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Re: [whatwg] use cases for <figure> without <figcaption>?

From: Xaxio Brandish <xaxiobrandish@gmail.com>
Date: Fri, 21 Jun 2013 00:38:10 -0700
Message-ID: <CABAoKZ=V1xMJ7aJHB-96RLh1iVx3nDFP_JRjFa5xQCJAihnP5w@mail.gmail.com>
To: Steve Faulkner <faulkner.steve@gmail.com>
Cc: whatwg <whatwg@lists.whatwg.org>
Steve,

One *could* use <div> elements in place of the <figure> elements; but then
again, one could use <div> elements in place of many elements in order to
remove their semantical meaning and send us back into the dark ages ;)

I believe that <figure> is possibly the best element for the job, in
agreement what Martin said regarding the spec specifying a figure being
something that is *typically* referenced in the document [1].  I also
believe that <figcaption> is necessary for exact specification (such as in
medical documents or legal documents), but may be completely unnecessary
for certain other documents (such as the font document example we are
discussing).

The reason I brought up placement and relevance of the figures in the first
place is because of this sentence in the specification:

>  This includes, but is not restricted to, content referred to from the
> main part of the document, but that could, without affecting the flow of
> the document, be moved away from that primary content, e.g. to the side of
> the page, to dedicated pages, or to an appendix.
>
However, all of this does leave me wondering about an instance of fluff in
an HTML document and how to appropriately define it.

Consider a web page that is devoid of color or motion, and is thus less
interesting to people who *must* read it.  An example of this can be an
online driving education course.  Now imagine that the author of the page
wanted to seem less boring, and so adds a piece of barely related clip art
to the page, and said clip art is not referenced anywhere in the main
document material.  The author wants to add a humorous comment to the image
to lighten the mood of the page, and considers using <figure> and
<figcaption>.

Would it be appropriate to caption the aforementioned clip art using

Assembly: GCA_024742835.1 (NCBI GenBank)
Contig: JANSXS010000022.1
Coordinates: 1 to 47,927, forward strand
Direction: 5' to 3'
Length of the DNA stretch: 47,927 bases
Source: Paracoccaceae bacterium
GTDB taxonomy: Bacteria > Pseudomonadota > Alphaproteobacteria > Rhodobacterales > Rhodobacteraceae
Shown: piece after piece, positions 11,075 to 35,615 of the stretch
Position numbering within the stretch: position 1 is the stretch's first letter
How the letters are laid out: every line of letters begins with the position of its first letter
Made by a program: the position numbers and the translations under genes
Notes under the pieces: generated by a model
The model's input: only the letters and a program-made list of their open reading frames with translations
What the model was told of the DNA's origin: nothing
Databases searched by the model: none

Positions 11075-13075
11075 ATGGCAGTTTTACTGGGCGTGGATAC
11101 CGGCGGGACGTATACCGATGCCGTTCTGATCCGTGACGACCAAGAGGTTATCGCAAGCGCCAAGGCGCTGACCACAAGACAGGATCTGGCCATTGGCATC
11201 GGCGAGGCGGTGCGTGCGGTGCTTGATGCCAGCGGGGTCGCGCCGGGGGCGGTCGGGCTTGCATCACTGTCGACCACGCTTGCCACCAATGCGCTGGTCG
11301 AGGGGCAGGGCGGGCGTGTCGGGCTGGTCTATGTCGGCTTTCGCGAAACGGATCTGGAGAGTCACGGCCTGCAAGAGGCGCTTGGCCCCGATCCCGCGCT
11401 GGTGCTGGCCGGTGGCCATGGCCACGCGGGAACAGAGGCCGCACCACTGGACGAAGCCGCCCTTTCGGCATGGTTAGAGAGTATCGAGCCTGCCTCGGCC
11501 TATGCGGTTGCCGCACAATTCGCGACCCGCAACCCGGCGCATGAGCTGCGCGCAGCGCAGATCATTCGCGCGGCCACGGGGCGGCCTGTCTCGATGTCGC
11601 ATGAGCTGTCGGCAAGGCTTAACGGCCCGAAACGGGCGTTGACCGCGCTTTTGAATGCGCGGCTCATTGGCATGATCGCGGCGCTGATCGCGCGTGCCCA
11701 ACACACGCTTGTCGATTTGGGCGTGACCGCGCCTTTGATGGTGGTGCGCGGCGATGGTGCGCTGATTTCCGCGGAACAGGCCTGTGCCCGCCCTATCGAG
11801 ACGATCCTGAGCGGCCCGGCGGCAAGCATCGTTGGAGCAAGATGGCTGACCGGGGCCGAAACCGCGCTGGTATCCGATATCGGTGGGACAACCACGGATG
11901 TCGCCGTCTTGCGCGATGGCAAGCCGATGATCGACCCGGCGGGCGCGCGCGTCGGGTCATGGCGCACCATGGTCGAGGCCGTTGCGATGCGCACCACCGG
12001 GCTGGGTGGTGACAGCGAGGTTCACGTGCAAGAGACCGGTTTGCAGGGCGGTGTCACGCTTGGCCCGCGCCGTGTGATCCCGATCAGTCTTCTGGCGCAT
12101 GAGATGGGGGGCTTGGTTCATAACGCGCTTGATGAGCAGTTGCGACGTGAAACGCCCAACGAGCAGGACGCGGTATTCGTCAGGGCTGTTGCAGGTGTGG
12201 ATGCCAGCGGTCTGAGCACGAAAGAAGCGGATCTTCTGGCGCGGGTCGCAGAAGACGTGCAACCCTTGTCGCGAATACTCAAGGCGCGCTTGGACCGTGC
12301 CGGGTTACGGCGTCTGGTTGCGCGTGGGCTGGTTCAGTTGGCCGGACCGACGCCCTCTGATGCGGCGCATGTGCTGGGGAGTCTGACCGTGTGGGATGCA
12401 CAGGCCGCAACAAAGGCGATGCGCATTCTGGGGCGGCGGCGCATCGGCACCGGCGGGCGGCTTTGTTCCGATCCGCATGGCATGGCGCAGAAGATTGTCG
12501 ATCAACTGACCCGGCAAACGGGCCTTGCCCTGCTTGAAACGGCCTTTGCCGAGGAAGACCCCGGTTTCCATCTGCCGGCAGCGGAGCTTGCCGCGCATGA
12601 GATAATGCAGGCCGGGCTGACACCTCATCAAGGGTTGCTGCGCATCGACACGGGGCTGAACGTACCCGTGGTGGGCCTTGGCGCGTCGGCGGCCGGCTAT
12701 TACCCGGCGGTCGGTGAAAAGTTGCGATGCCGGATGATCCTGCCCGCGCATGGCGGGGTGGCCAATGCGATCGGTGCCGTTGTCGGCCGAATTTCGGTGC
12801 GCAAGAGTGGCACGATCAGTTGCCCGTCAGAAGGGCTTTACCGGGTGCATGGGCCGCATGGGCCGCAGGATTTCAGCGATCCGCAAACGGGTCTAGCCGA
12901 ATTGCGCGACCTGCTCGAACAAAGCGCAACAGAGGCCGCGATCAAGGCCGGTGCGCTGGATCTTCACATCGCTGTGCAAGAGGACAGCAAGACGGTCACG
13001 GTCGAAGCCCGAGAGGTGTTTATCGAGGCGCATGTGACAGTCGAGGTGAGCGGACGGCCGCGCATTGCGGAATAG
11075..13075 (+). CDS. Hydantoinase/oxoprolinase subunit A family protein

<figcaption> if it is contained in an <aside> element, claiming that the
figure is self-referential yet only tangentially related to the document?
If not, is there an element better suited to this purpose, or we can we
redefine the <figcaption> element to encompass a purpose such as this?

--Xaxio

References:
[1] http://www.w3.org/TR/html51/single-page.html#the-figure-element


On Thu, Jun 20, 2013 at 3:34 PM, Martin Janecke <whatwg.org@prlbr.com>wrote:

> Hi Steve,
>
> >> The fact that they are enclosed in the <figure> elements means that they
> > are referenced somewhere, I believe.
> >
> > so if not referenced somewhere, they should not be in a figure?
>
>
> Probably they should not, as figures are "typically referenced as a single
> unit from the main flow of the document"^[1]. I'd like to add that the
> reference can be implicit, though. A short car magazine article about a
> particular model might be a good example. Readers who are likely to have
> seen some cars in their lives will identify a car's front section on a
> photograph by themselves and make the connection to what the articles
> writes about it.
>
> Here is such an article:
> http://www.caranddriver.com/news/2014-bmw-4-series-photos-and-info-news
> Although the webpage does not actually use figure elements, it would be
> appropriate for the photographs that are embedded in the main article. The
> photographs illustrate and enhance the article's content by providing more
> design details than the text, are self-contained, not part of the main flow
> and implicitly referenced from it. (The photos should have alt-texts
> though.)
>
> Regards
> Martin
>
> [1]: WHATWG HTML spec 4.5.11 The figure element
>
> Am 20.06.2013 um 23:27 schrieb Steve Faulkner:
>
> > Hi Xaxio,
> >